The mother of the Lion said, ‘O my son! thou hast granted immunity to this faction, and to recall it is impossible; but let this be an example to thee, whence thou oughtest to take warning, and hereafter not open the ear of attention to the slanders of any calumniator. Nor till clear proof and demonstration of positive certainty is obtained, which may release thee from doubt, must thou listen to the idle tales of interested persons, nor assent to what they may say of the faults of another, however pithy* and laconic their words may appear. For a thing of little magnitude, by degrees, reaches such a point that the remedy of it does not come within the sphere of possibility. And the source of great rivers, like the Nile, and the Euphrates, and the Jaiḥún, and the Tigris, is but a very small spring, which by the accession of other waters reaches that magnitude that it is impassable save in ships. Wherefore it is necessary to keep back words, whether trifling or the reverse, that are uttered in defamation of any one, and to close the path to the remarks of others that the conclusion of the affair may not terminate in mischief.

A spade may, at its head, the new-born stream restrain,
Which, full, an elephant would try to ford in vain.’*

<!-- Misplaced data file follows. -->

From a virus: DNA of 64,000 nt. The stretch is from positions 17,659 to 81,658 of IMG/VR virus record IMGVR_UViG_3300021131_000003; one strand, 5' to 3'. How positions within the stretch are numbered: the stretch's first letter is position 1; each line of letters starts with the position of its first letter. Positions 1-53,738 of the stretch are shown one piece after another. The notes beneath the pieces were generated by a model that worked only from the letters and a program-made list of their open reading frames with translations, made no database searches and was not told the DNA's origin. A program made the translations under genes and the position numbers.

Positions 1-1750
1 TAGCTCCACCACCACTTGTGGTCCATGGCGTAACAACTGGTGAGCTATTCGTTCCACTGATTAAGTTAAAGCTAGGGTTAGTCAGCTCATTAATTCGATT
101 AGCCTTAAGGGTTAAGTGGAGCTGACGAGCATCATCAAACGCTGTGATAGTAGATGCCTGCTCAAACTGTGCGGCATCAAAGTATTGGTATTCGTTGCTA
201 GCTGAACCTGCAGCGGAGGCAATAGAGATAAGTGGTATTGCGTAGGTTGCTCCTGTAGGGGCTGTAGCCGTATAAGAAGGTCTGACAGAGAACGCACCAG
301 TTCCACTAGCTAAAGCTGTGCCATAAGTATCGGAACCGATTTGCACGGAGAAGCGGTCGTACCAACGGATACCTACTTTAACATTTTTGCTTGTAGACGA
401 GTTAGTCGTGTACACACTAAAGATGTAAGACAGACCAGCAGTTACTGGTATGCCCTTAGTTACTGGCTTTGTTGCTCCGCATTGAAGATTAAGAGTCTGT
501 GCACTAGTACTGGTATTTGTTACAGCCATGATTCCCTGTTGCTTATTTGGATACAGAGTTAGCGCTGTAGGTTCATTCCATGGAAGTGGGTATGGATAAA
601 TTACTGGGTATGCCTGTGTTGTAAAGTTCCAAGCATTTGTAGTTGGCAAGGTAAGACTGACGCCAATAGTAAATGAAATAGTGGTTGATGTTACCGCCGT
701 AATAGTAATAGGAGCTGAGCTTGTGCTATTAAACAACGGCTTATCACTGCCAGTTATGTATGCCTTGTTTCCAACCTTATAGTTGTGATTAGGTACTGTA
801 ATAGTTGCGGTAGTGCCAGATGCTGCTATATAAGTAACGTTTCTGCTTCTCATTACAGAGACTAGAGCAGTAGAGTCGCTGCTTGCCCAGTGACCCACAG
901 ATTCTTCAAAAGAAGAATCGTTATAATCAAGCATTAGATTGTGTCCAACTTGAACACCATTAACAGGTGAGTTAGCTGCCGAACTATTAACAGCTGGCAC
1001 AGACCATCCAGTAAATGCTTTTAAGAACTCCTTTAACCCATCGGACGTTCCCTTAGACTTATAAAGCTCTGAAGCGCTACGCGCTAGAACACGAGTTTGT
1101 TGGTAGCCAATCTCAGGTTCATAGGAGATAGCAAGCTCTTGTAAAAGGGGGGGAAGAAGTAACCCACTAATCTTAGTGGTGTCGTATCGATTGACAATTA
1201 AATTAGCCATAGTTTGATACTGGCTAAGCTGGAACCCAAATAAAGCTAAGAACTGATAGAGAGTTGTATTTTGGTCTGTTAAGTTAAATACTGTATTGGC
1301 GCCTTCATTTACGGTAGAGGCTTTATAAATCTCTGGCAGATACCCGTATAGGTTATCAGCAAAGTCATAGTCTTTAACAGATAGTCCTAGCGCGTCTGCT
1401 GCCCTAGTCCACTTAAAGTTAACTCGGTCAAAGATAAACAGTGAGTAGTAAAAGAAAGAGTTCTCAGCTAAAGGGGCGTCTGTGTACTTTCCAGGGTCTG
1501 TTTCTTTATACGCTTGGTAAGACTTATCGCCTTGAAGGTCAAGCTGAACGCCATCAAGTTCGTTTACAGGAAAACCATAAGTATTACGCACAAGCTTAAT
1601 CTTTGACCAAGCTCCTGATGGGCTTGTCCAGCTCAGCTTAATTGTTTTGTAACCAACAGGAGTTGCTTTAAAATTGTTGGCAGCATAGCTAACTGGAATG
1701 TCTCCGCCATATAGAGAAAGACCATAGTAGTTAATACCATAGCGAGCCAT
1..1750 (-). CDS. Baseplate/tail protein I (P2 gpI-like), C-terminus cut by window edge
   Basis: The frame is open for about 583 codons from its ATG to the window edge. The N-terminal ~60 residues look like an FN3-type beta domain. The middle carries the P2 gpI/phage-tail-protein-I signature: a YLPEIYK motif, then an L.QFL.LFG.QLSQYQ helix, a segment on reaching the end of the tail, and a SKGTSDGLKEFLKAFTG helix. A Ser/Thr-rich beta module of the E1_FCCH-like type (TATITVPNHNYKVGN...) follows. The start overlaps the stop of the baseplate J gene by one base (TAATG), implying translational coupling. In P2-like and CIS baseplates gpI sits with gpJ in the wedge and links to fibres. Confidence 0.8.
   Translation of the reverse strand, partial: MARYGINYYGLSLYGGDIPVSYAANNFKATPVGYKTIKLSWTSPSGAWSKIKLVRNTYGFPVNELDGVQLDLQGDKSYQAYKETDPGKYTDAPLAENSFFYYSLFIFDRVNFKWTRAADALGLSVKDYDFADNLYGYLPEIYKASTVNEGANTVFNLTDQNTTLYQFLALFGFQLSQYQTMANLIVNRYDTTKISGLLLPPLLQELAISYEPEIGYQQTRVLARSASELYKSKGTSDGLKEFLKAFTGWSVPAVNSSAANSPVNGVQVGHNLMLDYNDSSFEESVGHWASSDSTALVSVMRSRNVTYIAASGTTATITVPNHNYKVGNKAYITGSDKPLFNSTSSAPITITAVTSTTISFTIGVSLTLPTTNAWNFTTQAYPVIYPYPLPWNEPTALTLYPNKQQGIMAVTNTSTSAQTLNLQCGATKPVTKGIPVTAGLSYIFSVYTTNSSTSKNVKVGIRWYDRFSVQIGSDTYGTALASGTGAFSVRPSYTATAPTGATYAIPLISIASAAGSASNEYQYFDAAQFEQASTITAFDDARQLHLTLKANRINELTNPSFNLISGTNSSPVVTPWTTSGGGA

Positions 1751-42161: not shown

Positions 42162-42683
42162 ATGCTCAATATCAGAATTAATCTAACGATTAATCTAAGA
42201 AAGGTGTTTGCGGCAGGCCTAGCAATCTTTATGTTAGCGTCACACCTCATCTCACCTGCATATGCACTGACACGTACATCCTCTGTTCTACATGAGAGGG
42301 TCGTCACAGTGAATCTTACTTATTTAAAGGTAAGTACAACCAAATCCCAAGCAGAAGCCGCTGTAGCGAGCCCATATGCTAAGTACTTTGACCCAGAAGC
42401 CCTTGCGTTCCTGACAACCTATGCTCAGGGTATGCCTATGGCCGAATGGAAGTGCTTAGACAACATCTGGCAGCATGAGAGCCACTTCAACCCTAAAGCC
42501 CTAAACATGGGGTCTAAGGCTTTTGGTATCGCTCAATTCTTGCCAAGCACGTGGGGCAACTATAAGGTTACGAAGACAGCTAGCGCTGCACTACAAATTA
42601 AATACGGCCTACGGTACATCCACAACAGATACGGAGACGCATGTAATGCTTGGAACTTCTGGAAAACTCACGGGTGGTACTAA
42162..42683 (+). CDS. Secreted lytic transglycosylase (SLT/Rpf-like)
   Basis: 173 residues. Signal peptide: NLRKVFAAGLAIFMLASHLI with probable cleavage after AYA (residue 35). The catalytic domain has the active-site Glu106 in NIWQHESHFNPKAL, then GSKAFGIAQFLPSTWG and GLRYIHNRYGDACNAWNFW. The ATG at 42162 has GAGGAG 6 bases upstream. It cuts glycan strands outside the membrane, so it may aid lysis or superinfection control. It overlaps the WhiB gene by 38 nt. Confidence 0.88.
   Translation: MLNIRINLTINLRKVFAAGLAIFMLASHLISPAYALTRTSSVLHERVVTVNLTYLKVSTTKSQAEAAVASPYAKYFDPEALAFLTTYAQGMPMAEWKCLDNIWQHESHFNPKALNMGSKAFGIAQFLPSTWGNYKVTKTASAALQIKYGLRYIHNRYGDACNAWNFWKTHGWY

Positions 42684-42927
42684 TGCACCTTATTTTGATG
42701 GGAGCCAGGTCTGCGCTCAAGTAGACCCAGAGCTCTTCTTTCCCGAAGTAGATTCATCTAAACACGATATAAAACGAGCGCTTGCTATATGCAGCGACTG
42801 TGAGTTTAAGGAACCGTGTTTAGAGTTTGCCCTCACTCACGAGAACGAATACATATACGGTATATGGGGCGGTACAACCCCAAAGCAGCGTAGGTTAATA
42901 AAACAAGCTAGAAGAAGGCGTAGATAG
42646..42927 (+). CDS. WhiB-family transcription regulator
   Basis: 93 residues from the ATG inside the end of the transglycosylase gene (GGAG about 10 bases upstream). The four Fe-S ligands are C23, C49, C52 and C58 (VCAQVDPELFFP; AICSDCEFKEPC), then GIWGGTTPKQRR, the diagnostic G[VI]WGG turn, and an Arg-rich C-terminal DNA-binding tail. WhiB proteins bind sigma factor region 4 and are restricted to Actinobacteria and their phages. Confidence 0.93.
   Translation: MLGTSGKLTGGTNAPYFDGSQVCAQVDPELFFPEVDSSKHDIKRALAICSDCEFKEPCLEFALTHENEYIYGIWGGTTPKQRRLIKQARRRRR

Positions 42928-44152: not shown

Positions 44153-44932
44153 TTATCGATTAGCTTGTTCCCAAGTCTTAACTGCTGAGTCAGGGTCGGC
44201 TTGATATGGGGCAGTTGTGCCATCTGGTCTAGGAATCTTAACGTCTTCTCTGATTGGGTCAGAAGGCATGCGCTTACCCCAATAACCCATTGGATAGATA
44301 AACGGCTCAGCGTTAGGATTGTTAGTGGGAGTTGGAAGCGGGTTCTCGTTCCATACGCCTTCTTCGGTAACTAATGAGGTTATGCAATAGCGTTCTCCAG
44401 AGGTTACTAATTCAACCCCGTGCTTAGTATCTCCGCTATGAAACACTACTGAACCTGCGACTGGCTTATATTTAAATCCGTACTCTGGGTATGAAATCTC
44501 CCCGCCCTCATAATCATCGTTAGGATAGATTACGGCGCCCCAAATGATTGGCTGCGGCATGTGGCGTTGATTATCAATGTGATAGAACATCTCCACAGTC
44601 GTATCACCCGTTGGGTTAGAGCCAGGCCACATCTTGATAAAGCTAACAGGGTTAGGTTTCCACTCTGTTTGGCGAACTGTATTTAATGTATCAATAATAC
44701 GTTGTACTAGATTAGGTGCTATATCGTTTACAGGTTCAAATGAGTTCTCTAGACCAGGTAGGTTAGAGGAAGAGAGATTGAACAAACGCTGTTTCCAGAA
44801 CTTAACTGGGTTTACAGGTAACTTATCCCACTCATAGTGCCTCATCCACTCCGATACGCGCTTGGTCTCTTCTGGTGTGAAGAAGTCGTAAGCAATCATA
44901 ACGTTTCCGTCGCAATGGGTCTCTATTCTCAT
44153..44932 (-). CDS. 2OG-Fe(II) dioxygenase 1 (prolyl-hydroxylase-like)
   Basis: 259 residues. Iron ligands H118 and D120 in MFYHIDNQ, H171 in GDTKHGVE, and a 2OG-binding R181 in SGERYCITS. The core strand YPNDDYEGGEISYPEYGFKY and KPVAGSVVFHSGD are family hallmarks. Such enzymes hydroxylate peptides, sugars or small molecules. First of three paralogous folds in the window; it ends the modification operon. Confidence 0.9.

Kámjúí replied, ‘I accept this advice, and I perceive that without clear proof it is not good to suspect any one.’ His mother answered, ‘O king! the person who, without evident cause, is angry with his friends, is one of those eight classes of people of whose society sages have commanded us to beware.’ Kámjúí replied, ‘Recount to me the detail of this classification.’ The lioness continued, ‘The wise have traced on the leaves of the pages of admonition that it is proper to shun the society of eight classes, and equally incumbent on us to converse and associate with eight other classes. However, the eight persons from whose intercourse we ought to pluck the skirt of agreement are as follows:—The first, is he who does not recognize the debt he owes to benefactors for benefits received, and stigmatizes himself by ingratitude and unthankfulness. The second, is he who is angry without cause, and whose anger overpowers his gentler feelings. The third, is he who through long life becomes pround, and thinks himself freed from the necessity of discharging his duty to his Creator and his fellow-creatures. The fourth, is he who bases his proceedings on perfidy and deceit, and in whose sight these qualities appear venial. The fifth, is he who opens up to himself the path of falsehood and perfidy, and who withdraws from truth and upright­ness. The sixth, is he who gives a swing to his appetite in matters of licentiousness, and accounts sensual gratification as the principal object* of his wishes, and the K’abah of his hopes. The seventh, is he who is characterised by a deficiency of modesty, and conducts himself with impudence and disrespect. The eighth, is he who is causelessly suspicious of persons, and who, without clear proof and demonstration, distrusts the wise. But the eight persons with whom we ought to unite, and whose society we ought to regard as a blessing, are the following:—First, he who regards it as a duty to be thankful for kindness, and who is careful to discharge the duties which he finds devolve upon him. The second, is he the knot of whose friendship and the promise of whose attachment is not broken by the accidents of fortune and the vicissitudes of uncertain time. The third, is he who feels it incumbent on him to shew respect to men of education and honor, and is disposed to reward and requite them by word and deed. The fourth, is he who keeps himself from perfidy, and lying, and pride, and haughtiness. The fifth, is he who is able to control himself in the moment of anger. The sixth, is he who raises the standard of generosity, and who exerts himself to the utmost in obtaining the wishes of the hopeful. The seventh, is he who clings to the train of modesty and honor, and never oversteps the line of good manners. The eighth, is he who is by nature the friend of good and virtuous men, and shuns the debauched and irreligious. And whoever associates and unites with this class that has been mentioned, and who shuns and avoids the parties that have been named before, by the blessing of the said associates the defect of objectionable qualities diminishes in him, and his temperament approximates to the true equilibrium: for when vinegar, with all the sharp­ness and sourness that is natural to it, is mixed with honey, it escapes from its original acidity, and becomes the means of dispelling so many ailments.*